Boukovinas noted, however, that the study had several weaknesses, including the lack of a control arm. In addition, the prior medical treatments "were of known limited activity," and the follow-up period, which was only 1 year, was too short.

"Terrible Disability"

Desmoid tumors, which originate from musculoaponeurotic structures, have "an unpredictable behavior," and they can grow to be large and disfiguring, Kurtz commented. Some patients experience "terrible disability, deteriorating quality of life, and, hopefully rarely, death."

In the past, desmoid tumors have been removed surgically, but this surgery too can be disfiguring, and sometimes, depending on the location of the tumor, surgery is not possible.

In Europe, current guidelines recommend watchful waiting after diagnosis, Kurtz noted.

For patients who experience progression, medical treatment includes nonsteroidal anti-inflammatory drugs, tamoxifen, and low-dose chemotherapy, generally in the form of a combination of methotrexate and vinblastine.

"In those whose tumors progress after these first-line options, we have new treatments," he said. These include the targeted agents sorafenib (Nexavar, Bayer/Onyx Pharmaceuticals) and pazopanib (Votrient, Novartis).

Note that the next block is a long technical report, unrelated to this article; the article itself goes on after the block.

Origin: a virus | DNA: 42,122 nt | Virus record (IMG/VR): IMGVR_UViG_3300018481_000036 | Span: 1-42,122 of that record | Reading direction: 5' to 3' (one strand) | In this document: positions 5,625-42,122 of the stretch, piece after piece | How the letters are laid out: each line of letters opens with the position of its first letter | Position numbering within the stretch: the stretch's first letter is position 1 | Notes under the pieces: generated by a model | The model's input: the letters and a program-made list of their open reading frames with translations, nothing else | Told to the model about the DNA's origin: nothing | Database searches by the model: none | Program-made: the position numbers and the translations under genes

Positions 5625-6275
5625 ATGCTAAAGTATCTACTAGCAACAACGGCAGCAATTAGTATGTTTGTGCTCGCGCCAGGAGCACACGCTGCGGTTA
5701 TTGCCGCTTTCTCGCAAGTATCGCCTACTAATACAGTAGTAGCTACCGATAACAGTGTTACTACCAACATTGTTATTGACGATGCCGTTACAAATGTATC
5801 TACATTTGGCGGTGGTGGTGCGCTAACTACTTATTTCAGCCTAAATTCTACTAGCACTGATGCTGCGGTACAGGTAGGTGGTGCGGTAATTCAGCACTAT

Although these drugs as well as radiotherapy are options, Kurtz noted that "the care of progressing desmoid tumors still represents an unmet need."

The first reports of the use of cryoablation for the treatment of desmoid tumors emerged 9 years ago. His own team's experience began about that time. One patient had "a huge desmoid near the backbone"; for that patient, treatment with cryoablation yielded results that were "so astounding that we decided there was definitely something to this," Kurtz told Medscape Medical News.

He continued to discuss the idea in the intervening years with Afshin Gangi, MD, PhD, a leading interventional radiologist at Hôpitaux Universitaires de Strasbourg.

After Kurtz took charge of the sarcoma tumor board at their institution, the idea of conducting a phase 2 trial took off.